The explanation of the invention mainly describes the neutralization of an aqueous solution from the pickling of refined steel, but the invention is not limited only to this purpose, but can be used for other neutralization applications also. According to the method now developed, the majority of a metal-containing feed solution is routed to the first neutralization stage, into which a lime compound is also fed as a neutralizing agent, for example in the form of lime milk (Ca(OH)2). It has proved expedient to feed both the feed solution and the lime compound to the surface of the neutralization reactor solution. The feed solution and lime compound are fed from opposite sides of the reactor. The gypsum- and metallic hydroxide-containing underflow from settling is also fed with the lime compound into this stage, and it is beneficial to premix this into the lime compound just prior to feeding it into the neutralization reactor. A surplus of lime compound is added in relation to the metals to be precipitated and any possible free acid. The feed of the lime compound precipitate is specified so that in this neutralization stage the pH is raised to a value of at least 10.5, even up to 11.5, in other words far higher than ordinary neutralization levels. Most metals precipitate at a pH of 10 as for instance nickel, which precipitates as nickel hydroxide. It has been proven that the purification of the feed solution is intensified when the neutralization stage is held at a pH value of 0.5-1.5 units higher than in ordinary methods. The higher pH values used also accomplish the co-precipitation of impurities.
The slurry from the first neutralization stage is led in its entirety to the second stage, where a portion of the metal-containing feed solution is also taken, for instance 5-30%. It is again advantageous to feed the feed solution and the first stage slurry to the surface of the neutralization reactor solution and to direct the said feeds from either side of the reactor centre as in the first stage. The feed solution regulates the pH value of the second neutralization stage, which is specified as somewhat lower than the pH of the first neutralization stage, e.g. 9.5-10.5. The neutralization stages are equipped with pH sensors to ease regulation. The neutralization stages are in series in relation to the gypsum-containing underflow and the lime compound, i.e. they flow through both or all the neutralization stages. The stages are mainly in series also in relation to the feed solution, since only 5-30% is fed directly into the second neutralization stage. The gypsum content of the neutralization stages is adjusted between 10-50 g/l, and this amount is advantageous for the formation of loose gypsum crystals. Gypsum crystals are precipitated and grow on top of one another and thus gypsum deposits in the immediate environment are avoided. It is beneficial for the formation of loose gypsum crystals that the pH is higher in the first neutralization stage than in subsequent stages, and that the pH is maintained at rather high levels, as presented above.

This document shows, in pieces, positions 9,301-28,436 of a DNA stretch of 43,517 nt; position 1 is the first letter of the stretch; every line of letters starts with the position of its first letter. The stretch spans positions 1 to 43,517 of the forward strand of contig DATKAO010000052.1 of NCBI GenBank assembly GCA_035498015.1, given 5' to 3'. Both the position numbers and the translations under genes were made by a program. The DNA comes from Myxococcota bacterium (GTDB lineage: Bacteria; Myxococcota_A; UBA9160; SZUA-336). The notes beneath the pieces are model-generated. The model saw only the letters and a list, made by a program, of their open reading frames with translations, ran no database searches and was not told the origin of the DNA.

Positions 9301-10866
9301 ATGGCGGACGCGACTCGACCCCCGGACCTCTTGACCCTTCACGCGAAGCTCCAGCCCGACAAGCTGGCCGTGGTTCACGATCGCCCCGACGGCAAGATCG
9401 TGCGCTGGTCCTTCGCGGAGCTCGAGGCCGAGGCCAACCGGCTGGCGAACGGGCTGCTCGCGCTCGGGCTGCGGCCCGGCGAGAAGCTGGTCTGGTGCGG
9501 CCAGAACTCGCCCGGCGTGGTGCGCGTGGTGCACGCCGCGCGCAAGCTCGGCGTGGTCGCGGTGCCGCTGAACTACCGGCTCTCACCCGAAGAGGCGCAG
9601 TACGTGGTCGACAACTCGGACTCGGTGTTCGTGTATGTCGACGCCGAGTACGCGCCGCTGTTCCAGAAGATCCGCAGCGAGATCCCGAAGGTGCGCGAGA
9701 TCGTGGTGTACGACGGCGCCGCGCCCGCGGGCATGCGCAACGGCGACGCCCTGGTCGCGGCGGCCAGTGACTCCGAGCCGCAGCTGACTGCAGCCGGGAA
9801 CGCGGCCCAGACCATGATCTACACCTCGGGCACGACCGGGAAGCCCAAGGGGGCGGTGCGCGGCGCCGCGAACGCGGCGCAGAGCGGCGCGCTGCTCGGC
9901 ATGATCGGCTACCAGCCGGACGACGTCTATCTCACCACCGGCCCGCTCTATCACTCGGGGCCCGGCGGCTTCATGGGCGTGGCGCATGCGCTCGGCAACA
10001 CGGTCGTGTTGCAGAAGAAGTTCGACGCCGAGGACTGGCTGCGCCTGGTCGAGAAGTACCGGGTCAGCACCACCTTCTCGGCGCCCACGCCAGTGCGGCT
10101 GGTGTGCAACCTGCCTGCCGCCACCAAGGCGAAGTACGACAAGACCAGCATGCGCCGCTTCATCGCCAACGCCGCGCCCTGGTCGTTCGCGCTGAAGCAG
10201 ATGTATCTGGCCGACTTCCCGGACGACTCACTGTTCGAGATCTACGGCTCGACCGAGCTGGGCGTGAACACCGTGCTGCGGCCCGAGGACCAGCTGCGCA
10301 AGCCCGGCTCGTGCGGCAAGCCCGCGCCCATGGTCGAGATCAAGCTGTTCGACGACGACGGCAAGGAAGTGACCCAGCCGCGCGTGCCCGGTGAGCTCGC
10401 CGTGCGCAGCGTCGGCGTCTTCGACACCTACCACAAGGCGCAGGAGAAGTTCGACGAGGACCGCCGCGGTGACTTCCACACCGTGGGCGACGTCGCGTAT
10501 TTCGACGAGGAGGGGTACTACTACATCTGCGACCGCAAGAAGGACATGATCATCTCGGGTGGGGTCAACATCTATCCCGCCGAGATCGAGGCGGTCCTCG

Each neutralization stage takes place in a separate reactor, equipped with baffles and a suitable mixing element for the purpose. Such is for instance a helix-type mixer as described in U.S. Pat. No. 5,182,087, which has a structure with two tubes circling around a shaft, making ⅓-2 revolutions around the shaft. A mixing element can achieve a powerful vertical circulation in neutralization reactors, upward from the sides of the reactor and downward at the centre of the reactor and from there again to the sides of the reactor. A powerful circulation in itself is enough to reduce the adhesion of particles to the structure of the neutralization reactor. The diameter of the mixing element is 50-80% of that of the neutralization reactor. This kind of mixer cannot leave to rotate in a small cavity of gypsum, as can happen with a blade mixer in a gypsum-forming environment. Thanks to the strong vertical circulation, the mixing of the feed solution and the lime compound and the increase in the pH of the solution are swift, and occur within 1-15 seconds. In conventional neutralization, mixing and pH increase require several minutes.
The large size of the mixer in relation to the diameter of the reactor enables the whole of the reactor volume to be kept well mixed even at low rotation speeds, such as for instance 30 rpm. Thus the shear forces caused by the mixing element also remain small. When the materials to be fed into the reactors are routed to the surface of the reactor solution, the flow obtained with the mixing element downward from the centre mixes the materials together well and circulates them within the reactor.
From the final neutralization stage the precipitate is taken to settling, and a flocculant, a polymer that flocculates solids is also conducted there. Most of the gypsum-containing underflow is circulated back to the first neutralization stage and only a portion is removed totally from the neutralizing circuit. It is advantageous that the underflow is recirculated between 5-15 times on average, before being removed from the circuit. Flocculant consumption is low, only 50-150 g per tonne of solids fed to the settling stage. Underflow circulation promotes the formation of gypsum as crystals and also improves the quality of the metallic hydroxide precipitate as well as its settling and filtering properties. The intensity of mixing in the neutralization reactors is adjusted so that the flocs generated are not broken up by the effect of the mixing.